By Michael “Buzz” Buzzelli, ‘Burgh Vivant
Brian Quijada (pronounced Key-Hada) describes his search for his own identity growing up as the son of two illegal Salvadoran immigrants in suburban Illinois in his multimedia solo show, “Where Did We Sit on the Bus?”
The show is all Quijada. The set is a plain white square stage adorned with a table and chair. The table, however, has laptop, microphone, Loop Station (more on that later) and a child-sized guitar not much bigger than a Barbie doll.
Quijada shares his life on stage. He starts with the time he proposed to his Austrian Swiss girlfriend and works backward. He goes…all the way back! He reenacts the minutiae of his birth, literally and figuratively. Spermatozoa meets egg. Boom. Heartbeat. Birth.
A birth described in dramatic, gory and hilarious detail.
Quijada beat-boxes through his tale, with an assist from the aforementioned Loop Station, which reproduces and repeats the sounds he makes with his voice, giving his dramatic life story a hip hop flare. He expresses significant moments in his life with rhythms, raps, songs, poems, spoken-word pieces and dance. The dude can move.
The title comes from a third grade classroom lecture on Rosa Parks during Black History Month. Quijada ponders, “If the blacks had to sit in the back of the bus, and the whites got to sit in the front of the bus…where did we (Latinx) sit on the bus?”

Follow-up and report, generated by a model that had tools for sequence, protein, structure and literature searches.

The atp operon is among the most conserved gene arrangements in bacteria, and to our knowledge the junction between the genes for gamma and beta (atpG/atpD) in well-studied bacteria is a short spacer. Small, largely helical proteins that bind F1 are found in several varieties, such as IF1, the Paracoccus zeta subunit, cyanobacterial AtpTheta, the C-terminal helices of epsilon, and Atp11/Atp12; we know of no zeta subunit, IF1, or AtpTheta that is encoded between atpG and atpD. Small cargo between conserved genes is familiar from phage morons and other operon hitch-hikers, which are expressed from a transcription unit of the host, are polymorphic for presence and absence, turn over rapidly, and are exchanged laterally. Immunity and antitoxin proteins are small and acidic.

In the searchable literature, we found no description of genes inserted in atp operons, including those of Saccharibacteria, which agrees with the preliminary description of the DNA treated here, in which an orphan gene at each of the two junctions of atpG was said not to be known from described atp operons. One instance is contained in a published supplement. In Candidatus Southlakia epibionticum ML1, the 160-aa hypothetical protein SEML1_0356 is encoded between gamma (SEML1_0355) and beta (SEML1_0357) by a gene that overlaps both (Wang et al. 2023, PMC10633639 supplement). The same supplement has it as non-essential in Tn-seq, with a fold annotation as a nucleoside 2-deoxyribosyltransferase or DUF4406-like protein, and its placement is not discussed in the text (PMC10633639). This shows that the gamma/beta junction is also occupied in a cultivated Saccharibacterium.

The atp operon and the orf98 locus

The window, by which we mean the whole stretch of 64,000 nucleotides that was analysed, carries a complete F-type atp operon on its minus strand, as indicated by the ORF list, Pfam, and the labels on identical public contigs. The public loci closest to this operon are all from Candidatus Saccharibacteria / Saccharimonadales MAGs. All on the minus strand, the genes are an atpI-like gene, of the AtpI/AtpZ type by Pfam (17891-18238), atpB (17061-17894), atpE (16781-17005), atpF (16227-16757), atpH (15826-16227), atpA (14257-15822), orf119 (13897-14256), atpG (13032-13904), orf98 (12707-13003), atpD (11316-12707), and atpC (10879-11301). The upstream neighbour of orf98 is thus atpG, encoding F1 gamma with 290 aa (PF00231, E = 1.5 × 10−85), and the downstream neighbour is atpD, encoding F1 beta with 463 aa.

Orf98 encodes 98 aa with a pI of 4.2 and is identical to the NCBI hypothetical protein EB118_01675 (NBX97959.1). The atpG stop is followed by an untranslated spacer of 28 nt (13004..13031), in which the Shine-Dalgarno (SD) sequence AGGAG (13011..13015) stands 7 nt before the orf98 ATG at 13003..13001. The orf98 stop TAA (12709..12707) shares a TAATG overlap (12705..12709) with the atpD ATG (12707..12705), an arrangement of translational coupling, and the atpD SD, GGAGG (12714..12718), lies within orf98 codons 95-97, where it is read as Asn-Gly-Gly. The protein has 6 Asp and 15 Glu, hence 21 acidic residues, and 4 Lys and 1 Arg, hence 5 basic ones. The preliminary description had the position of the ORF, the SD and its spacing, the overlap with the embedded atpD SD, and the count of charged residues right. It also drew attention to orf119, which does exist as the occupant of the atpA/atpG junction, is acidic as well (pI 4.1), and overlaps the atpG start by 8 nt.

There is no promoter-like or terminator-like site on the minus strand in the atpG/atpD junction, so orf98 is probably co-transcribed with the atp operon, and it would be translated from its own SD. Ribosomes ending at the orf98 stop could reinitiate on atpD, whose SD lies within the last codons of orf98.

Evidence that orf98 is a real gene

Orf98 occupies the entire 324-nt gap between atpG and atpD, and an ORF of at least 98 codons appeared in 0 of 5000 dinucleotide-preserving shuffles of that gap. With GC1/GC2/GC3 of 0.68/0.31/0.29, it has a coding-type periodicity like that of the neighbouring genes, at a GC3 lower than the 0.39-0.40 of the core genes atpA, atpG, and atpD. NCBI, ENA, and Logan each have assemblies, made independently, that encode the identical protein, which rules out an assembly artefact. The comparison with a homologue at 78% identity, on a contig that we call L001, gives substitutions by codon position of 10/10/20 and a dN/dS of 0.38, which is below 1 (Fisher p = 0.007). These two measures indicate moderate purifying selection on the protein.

The author-performer recalls his teacher saying, “Latinos weren’t around then.” The answer flipped him out, leading him to erroneously believe Latinos did not have a part to play in any aspect of American History.
Side note: In Pittsburgh, we are, at least, taught about one Hispanic hero: Roberto Clemente, a Puerto Rican baseball player who died in a plane crash on his way to help earthquake victims in Nicaragua. Arriba! Arriba!
Quijada is a tour-de-force. He is energetic, buoyant and charismatic. He moves around the stage with aplomb and grace. It is a riveting performance.
“Where Did We Sit on the Bus?” is a tight 80 minutes with no intermission, expertly directed by Chay Yew.
There’s some excellent lighting and projection design by Diane D. Fairchild and Liviu Pasare. Quijada who wrote and starred in the show also did the sound design.
All art is political and Quijada is a Dreamer, born to illegal Salvadoran immigrants. He does discuss the hateful rhetoric around “the Wall.” It is a powerful and poignant moment, and it touched my Liberal Bleeding Heart.
If you own a MAGA hat, you might want to check it at the door. This show may not be for you.
It is, however, for everyone who has ever believed the American Dream is for anyone and everyone who pursues it.
“Where Did We Sit on the Bus?” plays until February 24 at the City Theatre, 1300 Bingham Street, Pittsburgh, PA 15203. For more information, click here.